The last few years I’ve been shooting a lot of Landscape and HDR photography and found myself getting stuck with the routine that often comes with those styles. I was just going with the trends and I needed to hit the breaks.
This year I’m trying to shoot everything I can, looking for those incidental stories and moods. It can be challenging to get great shots, but at least this way the results are your own.
If you’re a Fujifilm shooter and want to use Iridient Developer as your primary photo processing software, or even if you want to use it as a RAW converter, then have a solid and consistent workflow is not only going to save you a lot of time, but it will also make your photo editing process a lot simpler.
In this guide I want to share with you the way I use Iridient Developer to process my Fujifilm RAW files and a file structure to help you stay organized.
A relatively new trend has emerged in the online photography communities over the last few years that involves shooting into the sun or other bright light sources so that the bright light creates star points around it. Also known as sunstars.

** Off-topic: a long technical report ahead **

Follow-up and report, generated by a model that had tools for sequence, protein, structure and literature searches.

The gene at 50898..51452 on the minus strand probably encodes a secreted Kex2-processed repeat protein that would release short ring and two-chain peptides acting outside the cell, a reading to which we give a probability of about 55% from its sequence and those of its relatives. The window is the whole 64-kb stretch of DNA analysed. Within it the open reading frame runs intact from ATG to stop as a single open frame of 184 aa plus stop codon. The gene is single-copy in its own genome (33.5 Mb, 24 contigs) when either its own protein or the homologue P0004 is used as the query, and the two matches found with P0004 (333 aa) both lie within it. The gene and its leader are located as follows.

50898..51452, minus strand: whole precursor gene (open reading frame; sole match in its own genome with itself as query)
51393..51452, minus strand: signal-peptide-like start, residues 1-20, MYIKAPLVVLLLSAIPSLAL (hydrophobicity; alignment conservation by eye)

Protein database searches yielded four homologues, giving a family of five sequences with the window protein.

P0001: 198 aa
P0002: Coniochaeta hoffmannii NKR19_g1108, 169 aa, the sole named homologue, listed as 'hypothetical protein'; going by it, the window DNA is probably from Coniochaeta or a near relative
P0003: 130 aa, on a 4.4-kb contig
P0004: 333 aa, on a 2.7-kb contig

I run across a lot of tutorials and tips of people explaining how to do it. Typical they all say about the same thing, shoot high apertures, anywhere from f16 to f22.
While this does usually work, it’s not always the best practice. I find that shooting at higher apertures on many of our high megapixel cameras has a massive impact on overall image quality due to diffraction.
So what do we do?
When the Samsung NX1 hit the shelfs, it painted a lot of photographers faces with permanent smiles. And for good reason. The camera is loaded with almost all the features anyone could want with today’s technology and is also one of the best performing mirrorless cameras out right now.
So I rented it for a week to see what all the hype was about. Was I impressed? Yes and no. It feels like a cheap Canon but with a Sony quality.